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The Match®: 10 things to know as the day draws nigh

Patrick Boyle , Staff Writer
March 18, 2020

Even as COVID-19 upends daily life, Match Day goes on — sending medical students on the next step in their careers and strengthening America’s health care system.

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Each March, tens of thousands of medical students across the nation simultaneously engage in one of the most exciting rites of their young careers: tearing open envelopes or clicking open emails to learn the hospital or clinic where they will train as residents. After four years of medical school, these graduates will spend several more years (typically, three to five) learning and practicing as residents in their desired specialties. Here are some facts behind The Match®.

A new CEO is in charge: In October, Donna L. Lamb, DHSc, MBA, BSN, became president and chief executive officer of the National Resident Matching Program®, which runs the Main Residency Match®.

“I feel excited and honored to usher so many individuals into their future,” Lamb told AAMCNews. “It’s my hope that applicants are confident in their preparation for their specialty of choice and are also confident that the Match® ensures fairness in the process of residency placement.”

It’s based on a Nobel-winning formula: The Match® is designed to provide a uniform way for graduating medical students to be matched with residencies rather than applying to residencies individually and at different times. The current algorithm, first used in 1998, is based on one developed in the 1960s by mathematicians Lloyd Shapley and David Gale, who sought to figure how to best match members of different groups seeking to be paired — such as students with schools or organ donors with patients awaiting transplants. The algorithm determined how matches can be accomplished as efficiently as possible.

In 2012, Shapley and academician Alvin Roth were awarded the Sveriges Riksbank Prize in Economic Sciences in Memory of Alfred Nobel for their research on the algorithm. See the Match® algorithm explained.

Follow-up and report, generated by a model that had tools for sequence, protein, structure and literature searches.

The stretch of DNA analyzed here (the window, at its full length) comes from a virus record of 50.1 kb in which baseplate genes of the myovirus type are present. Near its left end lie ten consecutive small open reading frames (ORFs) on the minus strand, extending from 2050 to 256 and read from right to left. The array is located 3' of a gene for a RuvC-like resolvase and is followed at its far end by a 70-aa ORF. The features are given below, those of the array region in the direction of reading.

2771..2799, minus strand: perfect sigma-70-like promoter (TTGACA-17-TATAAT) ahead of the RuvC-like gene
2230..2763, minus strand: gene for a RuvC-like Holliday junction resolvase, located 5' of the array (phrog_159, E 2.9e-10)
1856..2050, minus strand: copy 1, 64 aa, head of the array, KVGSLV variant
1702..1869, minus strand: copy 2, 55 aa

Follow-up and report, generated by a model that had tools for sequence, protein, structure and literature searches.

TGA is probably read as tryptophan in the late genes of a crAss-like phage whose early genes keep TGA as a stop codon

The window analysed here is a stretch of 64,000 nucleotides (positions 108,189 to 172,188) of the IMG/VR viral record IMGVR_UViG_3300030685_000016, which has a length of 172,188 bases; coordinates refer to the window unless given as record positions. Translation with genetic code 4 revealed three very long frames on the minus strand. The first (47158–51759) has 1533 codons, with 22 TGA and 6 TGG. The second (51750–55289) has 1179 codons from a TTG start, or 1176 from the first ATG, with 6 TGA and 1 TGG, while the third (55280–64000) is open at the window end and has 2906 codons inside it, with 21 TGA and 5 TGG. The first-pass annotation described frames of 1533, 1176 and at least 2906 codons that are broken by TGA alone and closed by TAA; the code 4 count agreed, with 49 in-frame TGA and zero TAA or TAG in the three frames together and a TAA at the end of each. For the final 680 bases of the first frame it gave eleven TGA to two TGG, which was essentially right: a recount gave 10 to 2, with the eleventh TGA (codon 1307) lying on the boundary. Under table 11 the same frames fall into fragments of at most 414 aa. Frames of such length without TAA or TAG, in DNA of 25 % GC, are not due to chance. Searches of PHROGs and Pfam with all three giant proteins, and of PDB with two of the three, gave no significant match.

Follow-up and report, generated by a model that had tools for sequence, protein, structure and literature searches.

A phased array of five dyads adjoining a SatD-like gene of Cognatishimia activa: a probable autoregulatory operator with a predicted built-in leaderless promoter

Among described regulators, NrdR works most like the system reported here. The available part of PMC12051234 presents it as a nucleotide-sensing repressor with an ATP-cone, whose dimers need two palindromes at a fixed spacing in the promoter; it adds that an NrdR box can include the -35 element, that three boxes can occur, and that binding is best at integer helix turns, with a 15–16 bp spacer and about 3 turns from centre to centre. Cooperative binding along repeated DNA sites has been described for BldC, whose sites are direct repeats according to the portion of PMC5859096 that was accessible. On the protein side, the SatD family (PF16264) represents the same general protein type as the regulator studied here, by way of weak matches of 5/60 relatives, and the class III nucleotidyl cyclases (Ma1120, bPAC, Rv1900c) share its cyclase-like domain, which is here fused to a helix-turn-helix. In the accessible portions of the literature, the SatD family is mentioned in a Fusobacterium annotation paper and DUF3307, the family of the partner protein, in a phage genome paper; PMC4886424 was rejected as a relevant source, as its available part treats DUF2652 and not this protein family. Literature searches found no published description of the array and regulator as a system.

How the Match® matches: Residency applicants and residency programs each create a “rank order list”: for students, a list of residencies they’d like to fill, in order of preference; for programs, a list of students they’d like to accept, also in order of preference.

For a match to occur, the student and program must have included each other on their lists. The algorithm creates matches based on where the students and programs ranked each other. This five-minute video demonstrates how it works.

A two-stage reveal: On Monday, students learned if they have been matched to a residency via emails that were sent out at 11 a.m. ET. On Friday, they learn specifically where their residencies will be during the Match Day ceremonies (either in-person or online), which start at noon ET across the country, or by emails from the National Resident Matching Program® that go out at 1 p.m. ET. Students can also learn about both results through a mobile device.

Coronavirus impact: Many schools have made or are weighing changes to Match Day celebrations as the status of the virus outbreak changes in various regions of the country.

Matches are growing: Last year, a record-high 38,376 applicants submitted program choices for a record-high 35,185 positions. Most of those (32,194) were first-year positions.

Although figures for 2020 have not been released, Lamb said it will be “another banner year for the number of applicants with a certified rank order list participating in the Match®, and there is an increase in the number of positions.”

“It is appropriate for us to celebrate the majority of applicants who match into their training program,” Lamb said, “but we must also work to better understand the circumstances that cause some applicants to go unmatched and who face challenges about how to navigate their education and career.”

Ups and downs: Lamb noted that certain specialties showed significant increases in match rates last year for MD seniors: orthopedic surgery, neurological surgery, dermatology, plastic surgery, and radiation oncology. Specialties that saw declines included otolaryngology-head and neck surgery, obstetrics-gynecology, anesthesiology, and diagnostic radiology.

Alternative matches: The Main Residency Match® is by far the largest program, but other match services include the Urology Match (run by the American Urological Association and offering more than 300 residencies); San Francisco Residency and Fellowship Match Services (for ophthalmology, with 484 matches last year, and plastic surgery, with 58 matches last year); and matches for specific branches of the military through the Joint Service Graduate Medical Education Selection Board.

Second chances: Eligible students who don’t match to a residency program, as well as those who match for only part of their training, can participate in the Supplemental Offer and Acceptance Program® (SOAP®) to try to obtain a residency position that went unfilled through the Match®. SOAP® applications opened on March 16, and students will find out about residency placements on March 20.

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